Mike Lee, sponsor of the BBA in the Senate, is the latest Republican to pass on this list of "23 Democrats [who] support a balanced budget amendment." Notice anything amiss with it? Here's the entry on Michael Bennet.
SEN. MICHAEL BENNET (D-CO): “U.S. Sen. Michael Bennet broke his hesitation on endorsing the balanced-budget amendment last week… pledging support for the idea.” (“Bennet Balancing His Approach To Budget,” Denver Post, 3/6/11)
We can follow the link.
Bennet says he doesn't agree with most of the balanced-budget amendment versions out there — including one co-sponsored by his Senate colleague from Colorado, Udall. He does not agree with blunt across-the-board cuts — something that most versions require, according to economists.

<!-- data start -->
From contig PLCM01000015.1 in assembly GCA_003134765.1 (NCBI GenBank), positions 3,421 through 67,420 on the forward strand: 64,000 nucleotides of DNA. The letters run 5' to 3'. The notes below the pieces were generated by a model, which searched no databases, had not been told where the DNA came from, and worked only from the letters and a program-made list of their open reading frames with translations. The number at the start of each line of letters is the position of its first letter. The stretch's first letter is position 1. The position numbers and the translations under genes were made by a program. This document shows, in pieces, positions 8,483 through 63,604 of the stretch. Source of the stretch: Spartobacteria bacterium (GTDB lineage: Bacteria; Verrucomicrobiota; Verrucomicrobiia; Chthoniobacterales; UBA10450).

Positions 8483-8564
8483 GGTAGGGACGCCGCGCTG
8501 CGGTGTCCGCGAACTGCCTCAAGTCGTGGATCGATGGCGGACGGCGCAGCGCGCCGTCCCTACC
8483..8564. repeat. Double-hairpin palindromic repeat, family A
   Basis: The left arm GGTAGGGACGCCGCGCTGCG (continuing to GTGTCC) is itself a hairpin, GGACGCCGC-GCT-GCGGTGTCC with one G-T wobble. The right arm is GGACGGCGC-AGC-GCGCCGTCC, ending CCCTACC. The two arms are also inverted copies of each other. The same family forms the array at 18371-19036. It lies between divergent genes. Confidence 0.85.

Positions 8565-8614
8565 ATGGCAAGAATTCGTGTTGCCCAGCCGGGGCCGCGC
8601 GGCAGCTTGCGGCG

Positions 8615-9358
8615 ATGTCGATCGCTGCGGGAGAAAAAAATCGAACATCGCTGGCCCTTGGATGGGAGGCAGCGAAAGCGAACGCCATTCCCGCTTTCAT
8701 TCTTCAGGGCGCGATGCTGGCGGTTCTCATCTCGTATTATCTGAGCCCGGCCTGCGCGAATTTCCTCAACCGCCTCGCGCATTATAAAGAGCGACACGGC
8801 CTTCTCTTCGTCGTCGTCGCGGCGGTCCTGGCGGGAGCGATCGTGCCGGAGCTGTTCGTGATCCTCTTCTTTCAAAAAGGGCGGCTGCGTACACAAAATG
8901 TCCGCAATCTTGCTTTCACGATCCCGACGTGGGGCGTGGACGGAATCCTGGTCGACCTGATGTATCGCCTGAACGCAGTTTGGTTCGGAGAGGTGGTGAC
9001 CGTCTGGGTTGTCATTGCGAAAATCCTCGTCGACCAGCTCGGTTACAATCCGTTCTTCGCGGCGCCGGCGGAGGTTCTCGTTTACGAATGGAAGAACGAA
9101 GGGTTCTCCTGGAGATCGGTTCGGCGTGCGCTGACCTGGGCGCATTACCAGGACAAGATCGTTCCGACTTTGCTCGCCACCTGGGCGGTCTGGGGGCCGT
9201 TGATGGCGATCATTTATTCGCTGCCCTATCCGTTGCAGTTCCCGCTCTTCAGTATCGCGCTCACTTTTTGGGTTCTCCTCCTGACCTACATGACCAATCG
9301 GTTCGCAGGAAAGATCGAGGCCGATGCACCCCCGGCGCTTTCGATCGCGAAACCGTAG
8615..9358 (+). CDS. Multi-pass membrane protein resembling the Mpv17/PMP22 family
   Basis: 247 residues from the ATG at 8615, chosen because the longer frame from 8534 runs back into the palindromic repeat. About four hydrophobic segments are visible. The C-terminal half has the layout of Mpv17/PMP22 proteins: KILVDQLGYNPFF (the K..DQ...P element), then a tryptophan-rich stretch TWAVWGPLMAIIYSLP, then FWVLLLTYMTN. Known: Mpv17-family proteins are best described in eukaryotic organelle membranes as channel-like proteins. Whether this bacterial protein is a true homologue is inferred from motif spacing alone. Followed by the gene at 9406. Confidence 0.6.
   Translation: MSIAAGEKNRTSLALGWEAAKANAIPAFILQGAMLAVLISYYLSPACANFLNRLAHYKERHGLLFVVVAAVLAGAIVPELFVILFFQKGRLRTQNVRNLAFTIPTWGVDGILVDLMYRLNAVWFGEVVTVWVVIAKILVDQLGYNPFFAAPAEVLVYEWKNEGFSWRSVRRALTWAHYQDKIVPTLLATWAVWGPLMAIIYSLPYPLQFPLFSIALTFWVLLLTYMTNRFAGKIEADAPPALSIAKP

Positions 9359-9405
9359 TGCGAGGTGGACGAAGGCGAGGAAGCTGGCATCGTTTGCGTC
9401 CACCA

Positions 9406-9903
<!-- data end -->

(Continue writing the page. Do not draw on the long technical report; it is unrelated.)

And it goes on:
In fact, Bennet's version of a balanced-budget amendment looks less like something that would need to be ratified in the states and more like a simple congressional vote on President Barack Obama's fiscal deficit reduction.
"I think there's a lot of rhetoric around budgets," Bennet said, noting that the current proposals are nowhere "remotely near the most effective way to deal with our budget, and if we write it the wrong way, we'll create an even greater crisis."
Read through the list and you see a lot of examples like this -- Democrats backing a vastly different version of the BBA in the 1990s (Democrats who would then vote against the less-ideal version), Democrats speaking vaguely about how they want to balance the budget. The idea that there are 20 gettable Democratic votes for Cut, Cap, Balance is purely political.